Beer is everywhere
Before she studied psychology, she had a different life. For six years, Madelon van Hemel worked as a youth worker on the streets. She frequently found herself asking what it was that makes one person enjoy drinking and smoking weed while another does not care at all? How is it possible that twenty years down the line some people have their life in order with a house, a job, and a dog, while others end up in the gutter?
This question remained with her as she studied psychology and it popped up again in her master thesis. She suspected it had something to do with unconscious processes in the brain and automatic behaviour. But how does that work exactly? And can something be done about it?
Now – with four years of psychology, a master’s degree and PhD research behind her – she is much closer to the answer. It turns out that young people who drink or smoke weed a lot are extremely reward sensitive in general. She discovered this after analysing the data of 750 young people who were tracked during the Trails study.
And that is interesting, because it was previously known that addiction affects the reward areas of the brain. A beer or bump give the user a good feeling that says ‘well done’. Now, it turns out that that sensitivity already exists before addiction becomes an actual issue.
‘Three years later, I looked at that group again’, Van Hemel says. ‘It turned out that the people who had in the meantime switched to hard drugs more quickly used more than the other young people.’
In other words, she was on to something.
‘When you want to lose weight, you suddenly see everyone eating ice cream’
You might think this is all very logical. After all, those young people were already drinking. Of course they enjoy being rewarded. But the computer tests they had to complete had little to do with alcohol or drugs. ‘They performed a task where they had to press a key as quickly as possible whenever a little square appeared on screen. This would earn them points. But first, they saw an arrow that pointed to where the square would most likely appear.’
Their ‘reward’, therefore, was completely virtual. Yet the young people who drank or smoked weed turned out to focus much more on the area of the screen where the square was supposed to appear. In other words: ‘They strongly seek out things that feed their reward system’, Van Hemel concludes.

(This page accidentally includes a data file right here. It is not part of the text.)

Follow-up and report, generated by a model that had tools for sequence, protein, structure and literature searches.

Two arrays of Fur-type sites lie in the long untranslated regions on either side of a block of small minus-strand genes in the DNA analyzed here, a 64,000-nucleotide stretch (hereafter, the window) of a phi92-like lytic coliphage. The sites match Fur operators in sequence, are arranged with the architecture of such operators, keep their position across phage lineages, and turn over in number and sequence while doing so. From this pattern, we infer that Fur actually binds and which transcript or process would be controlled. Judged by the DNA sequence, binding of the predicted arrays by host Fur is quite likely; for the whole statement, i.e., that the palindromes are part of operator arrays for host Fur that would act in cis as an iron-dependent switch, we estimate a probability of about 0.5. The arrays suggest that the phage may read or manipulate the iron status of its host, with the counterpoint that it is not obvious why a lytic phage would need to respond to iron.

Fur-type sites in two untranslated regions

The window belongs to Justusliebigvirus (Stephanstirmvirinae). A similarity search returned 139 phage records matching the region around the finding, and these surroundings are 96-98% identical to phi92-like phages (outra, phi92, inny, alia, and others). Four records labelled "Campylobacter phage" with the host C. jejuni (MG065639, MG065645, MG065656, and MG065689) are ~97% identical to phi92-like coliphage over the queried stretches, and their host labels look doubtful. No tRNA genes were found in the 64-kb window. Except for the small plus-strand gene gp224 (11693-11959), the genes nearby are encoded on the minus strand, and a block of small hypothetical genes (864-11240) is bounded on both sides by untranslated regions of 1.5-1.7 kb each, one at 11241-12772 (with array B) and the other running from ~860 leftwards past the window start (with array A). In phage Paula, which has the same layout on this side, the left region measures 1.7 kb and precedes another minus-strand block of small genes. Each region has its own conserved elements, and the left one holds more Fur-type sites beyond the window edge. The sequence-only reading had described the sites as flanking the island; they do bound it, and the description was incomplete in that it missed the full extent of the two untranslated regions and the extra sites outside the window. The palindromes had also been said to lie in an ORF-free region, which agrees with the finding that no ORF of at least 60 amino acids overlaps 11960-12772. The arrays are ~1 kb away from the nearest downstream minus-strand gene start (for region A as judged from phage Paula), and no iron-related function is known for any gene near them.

Attention to beer
Now that she had created the basis, Van Hemel switched to the next phase of her research. This time, she wanted to know if addicted young people would get distracted if alcohol or drugs were in their vicinity. ‘They were presented with two pictures that looked a lot alike: for example a glass of beer – recognisable by the head of foam – and a glass of Fanta.’
Next, an arrow would appear under one of the pictures and the test subject had to press the corresponding key on the keyboard. It turned out that addicted young people were relatively slower in spotting the arrow under the Fanta than under the beer. ‘Their attention was automatically drawn to the beer’, Van Hemel explains, ‘which caused them to have a lower score on the test.’
This means that they are so strongly drawn to the beer that it gets in the way of their conscious control.
What shocked Van Hemel even more was that young people who had been undergoing treatment for quite a while had the exact same score they did at the beginning of their track. Does that mean that treatment has absolutely no effect?
Of course not, Van Hemel is quick to say. Young people by definition are a hard group to help and are often not very motivated in their treatment. Seeing that their treatment is not going smoothly is not that big of a shock.
The chances of a relapse are high even in treatments that initially go well due to a motivated addict. ‘It’s all well and good for a while, but it takes a lot of conscious control’, Van Hemel knows. ‘When you want to lose weight, you suddenly see everyone eating ice cream. Ignoring that trigger takes a lot of effort and after a while, your cognitive capabilities are exhausted. If something goes wrong at that point – you lose your job for example, or school’s not going well – you can relapse.’
It does mean, however, that there is room for improvement, for example by trying to tackle those automatic processes in the brain that make these young people so addiction-prone. If you can make them pay less attention to that beer or that joint in their environment, they will be less exhausted and the treatment is potentially more successful.
Van Hemel is happy, therefore, that following the research she has just finished, she was able to procure another research grant to expand that idea.
In the spring, she will train addicts to direct their attention elsewhere with yet another computer programme. ‘They’ll be seeing an entire range of moving pictures on their screens. But the assignment will be to consciously avoid the alcohol’, she says. By practising for ten minutes every day, she hopes they will be able to make new ‘pathways’ in the brain.
She realises that it will not solve the addiction problem. It is too complex for that. But even if it helps just a little, she will have made her contribution. ‘That’s all you can hope for.’